New home sales in the U.S. showed a substantial rebound in the month of January, according to a report released by the Commerce Department on Tuesday, with sales reaching their highest level in well over four years.
The Commerce Department said new home sales surged up by 15.6 percent to a seasonally adjusted annual rate of 437,000 in January from the revised December rate of 378,000.
Economists had been expecting new home sales to show a more modest increase to an annual rate of 381,000 from the 369,000 originally reported for the previous month.
With the much bigger than expected rebound, new home sales rose to their highest level since reaching an annual rate of 477,000 in July of 2008.
The report also showed that the annual rate of new home sales in January is up by 28.9 percent compared to the January 2012 estimate of 339,000.
A jump in new home sales in the West contributed to the bigger than expected increase, with new home sales in the region soaring 45.3 percent to an annual rate of 125,000.
New home sales in the Northeast also surged up by 27.6 percent, while sales in the Midwest rose by 11.1 percent and sales in the South edged up by 3.2 percent.
The Commerce Department also said the median sales price of new houses sold in January was $226,400, down 9.4 percent from $ 249,800 in December but up 2.1 percent from $ 221,700 in the same month a year ago.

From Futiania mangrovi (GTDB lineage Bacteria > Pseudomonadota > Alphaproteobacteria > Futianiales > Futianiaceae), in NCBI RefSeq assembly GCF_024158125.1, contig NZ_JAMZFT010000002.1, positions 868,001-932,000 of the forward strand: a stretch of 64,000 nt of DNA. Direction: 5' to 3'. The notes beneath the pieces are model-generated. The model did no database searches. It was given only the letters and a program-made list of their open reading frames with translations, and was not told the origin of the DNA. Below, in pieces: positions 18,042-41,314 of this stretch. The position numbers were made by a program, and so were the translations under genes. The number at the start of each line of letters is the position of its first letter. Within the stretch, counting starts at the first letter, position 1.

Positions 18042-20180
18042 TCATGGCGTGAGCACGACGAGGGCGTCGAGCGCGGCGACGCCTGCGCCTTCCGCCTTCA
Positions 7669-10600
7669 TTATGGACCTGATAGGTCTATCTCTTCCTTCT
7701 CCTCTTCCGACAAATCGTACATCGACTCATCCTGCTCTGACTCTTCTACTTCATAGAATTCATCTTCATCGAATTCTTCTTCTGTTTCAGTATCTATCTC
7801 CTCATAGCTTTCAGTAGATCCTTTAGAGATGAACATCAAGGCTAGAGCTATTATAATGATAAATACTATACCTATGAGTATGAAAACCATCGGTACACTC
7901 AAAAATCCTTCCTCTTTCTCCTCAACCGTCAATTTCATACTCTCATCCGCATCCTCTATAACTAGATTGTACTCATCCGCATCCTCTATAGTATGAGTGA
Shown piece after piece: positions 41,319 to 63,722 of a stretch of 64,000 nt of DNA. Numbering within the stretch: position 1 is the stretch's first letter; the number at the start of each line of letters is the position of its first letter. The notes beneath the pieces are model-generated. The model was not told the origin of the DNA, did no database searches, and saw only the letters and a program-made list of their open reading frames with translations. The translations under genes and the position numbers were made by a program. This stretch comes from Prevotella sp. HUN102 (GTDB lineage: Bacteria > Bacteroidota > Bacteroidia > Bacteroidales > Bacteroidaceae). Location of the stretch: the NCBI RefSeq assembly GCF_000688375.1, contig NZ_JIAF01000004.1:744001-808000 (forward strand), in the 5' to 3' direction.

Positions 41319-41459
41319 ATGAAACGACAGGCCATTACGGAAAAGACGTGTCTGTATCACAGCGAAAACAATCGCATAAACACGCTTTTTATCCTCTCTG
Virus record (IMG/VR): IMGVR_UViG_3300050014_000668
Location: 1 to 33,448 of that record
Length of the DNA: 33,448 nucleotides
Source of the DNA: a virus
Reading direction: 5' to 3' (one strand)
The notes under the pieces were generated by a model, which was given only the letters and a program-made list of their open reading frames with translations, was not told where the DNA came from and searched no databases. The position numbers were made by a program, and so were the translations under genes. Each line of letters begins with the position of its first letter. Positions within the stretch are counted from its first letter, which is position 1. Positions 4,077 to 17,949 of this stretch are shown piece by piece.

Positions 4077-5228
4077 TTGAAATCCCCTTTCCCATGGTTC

The report also showed a seasonally adjusted estimate of new houses for sale at the end of January of 150,000, unchanged from the previous month.
The inventory level represents 4.1 months of supply at the current sales rate compared to 4.8 months of supply in December. The months of supply represents a nearly eight-year low.
Last Thursday, the National Association of Realtors released a separate report showing that existing home sales saw a modest rebound in January.
NAR said existing home sales rose 0.4 percent to a seasonally adjusted annual rate of 4.92 million in January after falling 1.2 percent to a downwardly revised 4.90 million in December.
The rebound came as a surprise to economists, who had expected existing home sales to dip to an annual rate of 4.90 million from the 4.94 million originally reported for the previous month.
by RTT Staff Writer
For comments and feedback: firstname.lastname@example.org
What parts of the world are seeing the best (and worst) economic performances lately? Click here to check out our Econ Scorecard and find out! See up-to-the-moment rankings for the best and worst performers in GDP, unemployment rate, inflation and much more.